Another knotch in the belt

I have taken another inch off my waist since my previous entry on this point a month ago. I would say that’s good progress, given that Christmas and other opportunities for gluttony also occupied that same time span. My weight is about the same, 194 pounds, though it did shoot up during the holiday excesses. On the other hand, my weight has been steady for the past 12 months. But I’ve probably turned a lot of fat into muscle during that time, but have not reached my weight goal. I’ve come to the realization that I am going to have to pay more attention to what I eat because taking pounds off is a lot harder than putting them on. If I were really strict, I should be aiming to get my weight down to 165 pounds, what I weighed back when I got married. It would make my yoga practice a lot easier.

I am reading You on a Diet: The Owner’s Manual for Waist Management by Michael F. Roizen and Mehmet C. Oz, as well as Eat, Drink and Be Healthy: The Harvard Medical School Guide to Healthy Eating by Walter C. Willet and Patrick J. Skerret. The latter is a rigorous, science-based examination of U.S. nutrition and eating habits. You on a Diet is equally science-based, but it’s more practically oriented, geared to popularizing the message of healthy eating and written with a light, humorous style that some people may find distracting — drawings of cute elves running around your digestive track. Roizen and Oz mine the Harvard studies on nutrition for a lot of their recommendations. These complementary books were Christmas gifts from my daughter, Stephanie, and her boyfriend, Ron. It’s nice to know that they want me to take care of myself.

Cutting Down on the Waist

I took the advice of the Doctor’s Center at RealAge: Drs. Mehmet Oz and Michael Roizen says that a better indicator of health is your waist measurement, rather than obsessing about weight. That advice struck a nerve with me because I have been conscious of my poor core strength.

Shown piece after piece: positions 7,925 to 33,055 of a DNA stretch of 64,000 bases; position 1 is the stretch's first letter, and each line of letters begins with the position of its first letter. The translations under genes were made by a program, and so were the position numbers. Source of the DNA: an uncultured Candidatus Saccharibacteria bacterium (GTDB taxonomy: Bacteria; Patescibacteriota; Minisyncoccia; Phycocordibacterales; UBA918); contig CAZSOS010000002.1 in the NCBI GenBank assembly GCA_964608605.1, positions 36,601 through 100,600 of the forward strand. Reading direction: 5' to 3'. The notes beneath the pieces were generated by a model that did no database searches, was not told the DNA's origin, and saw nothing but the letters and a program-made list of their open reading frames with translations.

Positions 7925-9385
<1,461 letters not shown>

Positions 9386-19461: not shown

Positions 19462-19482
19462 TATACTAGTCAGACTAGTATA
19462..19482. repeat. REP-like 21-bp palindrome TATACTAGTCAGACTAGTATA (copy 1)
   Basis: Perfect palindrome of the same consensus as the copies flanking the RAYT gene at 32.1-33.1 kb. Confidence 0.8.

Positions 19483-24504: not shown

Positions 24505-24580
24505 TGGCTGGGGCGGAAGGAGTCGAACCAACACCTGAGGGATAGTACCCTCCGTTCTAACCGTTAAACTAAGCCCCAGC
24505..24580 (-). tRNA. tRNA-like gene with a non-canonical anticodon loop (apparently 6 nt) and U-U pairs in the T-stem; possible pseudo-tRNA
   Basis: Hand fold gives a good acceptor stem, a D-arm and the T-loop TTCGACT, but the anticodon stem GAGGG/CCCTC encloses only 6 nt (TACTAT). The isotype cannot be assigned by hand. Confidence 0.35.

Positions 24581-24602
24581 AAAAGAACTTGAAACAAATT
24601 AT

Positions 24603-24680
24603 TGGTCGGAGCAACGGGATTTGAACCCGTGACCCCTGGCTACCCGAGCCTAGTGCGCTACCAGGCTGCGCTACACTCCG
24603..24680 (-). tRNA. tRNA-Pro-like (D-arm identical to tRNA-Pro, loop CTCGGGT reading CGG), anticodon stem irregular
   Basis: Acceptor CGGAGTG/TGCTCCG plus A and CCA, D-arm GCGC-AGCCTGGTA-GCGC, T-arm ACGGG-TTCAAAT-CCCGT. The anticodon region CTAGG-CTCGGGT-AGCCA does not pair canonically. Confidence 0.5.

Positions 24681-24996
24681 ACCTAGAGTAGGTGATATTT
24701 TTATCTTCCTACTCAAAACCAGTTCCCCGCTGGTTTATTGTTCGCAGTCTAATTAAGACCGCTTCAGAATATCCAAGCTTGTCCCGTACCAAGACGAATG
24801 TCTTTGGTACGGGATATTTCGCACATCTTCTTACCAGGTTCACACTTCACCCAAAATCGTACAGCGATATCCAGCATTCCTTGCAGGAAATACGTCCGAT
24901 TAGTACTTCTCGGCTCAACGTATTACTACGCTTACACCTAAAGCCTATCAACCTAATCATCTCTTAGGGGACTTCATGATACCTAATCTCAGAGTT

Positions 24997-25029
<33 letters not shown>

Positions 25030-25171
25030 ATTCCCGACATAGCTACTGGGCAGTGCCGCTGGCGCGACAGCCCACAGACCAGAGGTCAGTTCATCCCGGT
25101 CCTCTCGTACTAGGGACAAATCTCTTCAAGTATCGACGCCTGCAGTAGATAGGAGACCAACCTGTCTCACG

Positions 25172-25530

For the past two-three weeks, I’ve been concentrating on getting core work in almost every day, even days when I go to my yoga classes. Lots of yogic crunches, bicycle crunches, side and regular planks, kind of working all sides of my trunk so that I don’t overwork my abs and distort my muscular balance. This week I took out the tap measure and was rewarded with a full inch drop in my waist. I’m down to 38 inches. Optimally, I need to lose another three inches, and that would probably go a long way to getting my weight down.

Another reward: in my yoga class last night, I noticed that in trikonasana (triangle pose) I rested my lower hand on the floor. Before, I had to place my hand on my ankle or lower shin.

A late message from Scrooge

I have limped through the holidays, and now, several days on the other side of the Holiday Season, I can say that I hate the disruption that the holidays introduced into my yoga practice. I stopped going to classes (reduced schedules at my yoga studios), too many other family issues to keep me off the mat, and plenty of excuses to justify the relapse. I put on five pounds because of the huge meals our family consumed, the abundance of treats, and a general lack of restraint. When I finally got back to my yoga practice, the first sessions were torture. My extra pounds felt like a tombstone around my neck. I had to drop into child’s pose to regain my breath. I’ve struggled to regain my momentum, but it’s come back little by little.